Monday, 22 May 2017

Shared Writing and Innovation

Shared Writing and Innovation

Shared Writing is when the Teacher facilitates writing with the class.  The Teacher creates an aspirational text before hand with prompt questions (this is to help the teacher guide the piece of writing being focussed on).  During shared writing, the Teacher will set a particular scene and students will provide their ideas to assist with the shared writing.  The teacher asks questions targeting the type of ideas, language and/or writing features they want to teach. This can be done word by word or sentence by sentence.  The Teacher will use their tool kit created so far in the Storytelling sessions such as plot matrixes, mood maps, boxing up, word walls, pictures, maps, plot and character types to assist with the shared writing experience. 

Another focus of shared writing is to demonstrate how to show what's happening in a story rather than tell.  For example, "Mum was cross", you could write, "Mum's face was flaming red and her eyes were as big as saucers".

Below are video snap shots of a shared writing session in Room 2.  Mrs Kearns shared writing session  focussed on describing the setting of the Billy Goats Gruff.  She has her aspirational text and prompt questions to help guide the shared writing.  Mrs Kearns used the word by word response from the children to help describe the setting.


Innovation is where the intention is to change the main elements in the story.  The plot structure stays basically the same but the plot context is changed. This could be done in three different ways:
- substitution
- addition
- plot recycling

Miss Spence and Room 17 innovated the story "The Freedom Bird".   To begin this process, Miss Spence showed the original plot matrix of the story and explained they were going to change some parts of the story.  First the class choose a different character for the story.  The students gave their ideas and Miss Spence recorded their ideas on the board.  Miss Spence then choose one of the ideas and used the thinking aloud technique to give her reasons why.  She wrote the idea onto a post it note and put it onto the original plot matrix.  Next, the class brainstormed where the story could be set.  The process of thinking aloud was repeated.  This is seen below in a quick video snapshot of Miss Spence selecting the new scene for their story.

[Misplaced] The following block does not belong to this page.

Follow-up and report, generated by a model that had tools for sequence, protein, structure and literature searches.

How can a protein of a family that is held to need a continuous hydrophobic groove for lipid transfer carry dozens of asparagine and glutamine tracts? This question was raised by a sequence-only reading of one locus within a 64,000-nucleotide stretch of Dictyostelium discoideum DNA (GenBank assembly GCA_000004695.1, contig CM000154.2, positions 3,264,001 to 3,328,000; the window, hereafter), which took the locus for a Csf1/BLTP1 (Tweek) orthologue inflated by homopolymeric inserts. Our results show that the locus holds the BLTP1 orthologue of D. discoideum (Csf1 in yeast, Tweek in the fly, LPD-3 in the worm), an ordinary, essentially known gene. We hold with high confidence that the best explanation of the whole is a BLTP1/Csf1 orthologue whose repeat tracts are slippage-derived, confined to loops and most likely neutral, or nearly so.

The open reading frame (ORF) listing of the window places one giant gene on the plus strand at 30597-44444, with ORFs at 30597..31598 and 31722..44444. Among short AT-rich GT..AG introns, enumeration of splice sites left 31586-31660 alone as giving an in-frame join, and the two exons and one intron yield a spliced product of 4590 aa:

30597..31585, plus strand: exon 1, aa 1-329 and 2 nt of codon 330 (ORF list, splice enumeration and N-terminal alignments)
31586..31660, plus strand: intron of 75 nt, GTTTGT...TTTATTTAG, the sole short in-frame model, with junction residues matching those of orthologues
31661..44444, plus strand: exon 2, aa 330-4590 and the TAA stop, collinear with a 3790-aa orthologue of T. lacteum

Finally, Miss Spence got the class to come up with ideas of how they could kill the new character (in the Freedom Bird, the hunter used a bow and arrow).
Below are some photos showing some of the process of Innovating the Freedom Bird.
Ideas for setting:                                                
Ideas for ways to kill the new character:

Original plot matrix:      
Changes made:               


Miss Spence then facilitated a shared writing session with the class creating a new introduction to the story, using the new setting and characters chosen. 

Here is the shared writing sample written by Room 17.  This was written up on the whiteboard as the class created the introduction together.

Keep watching this blog to find out about the next step of our journey, non-fiction texts.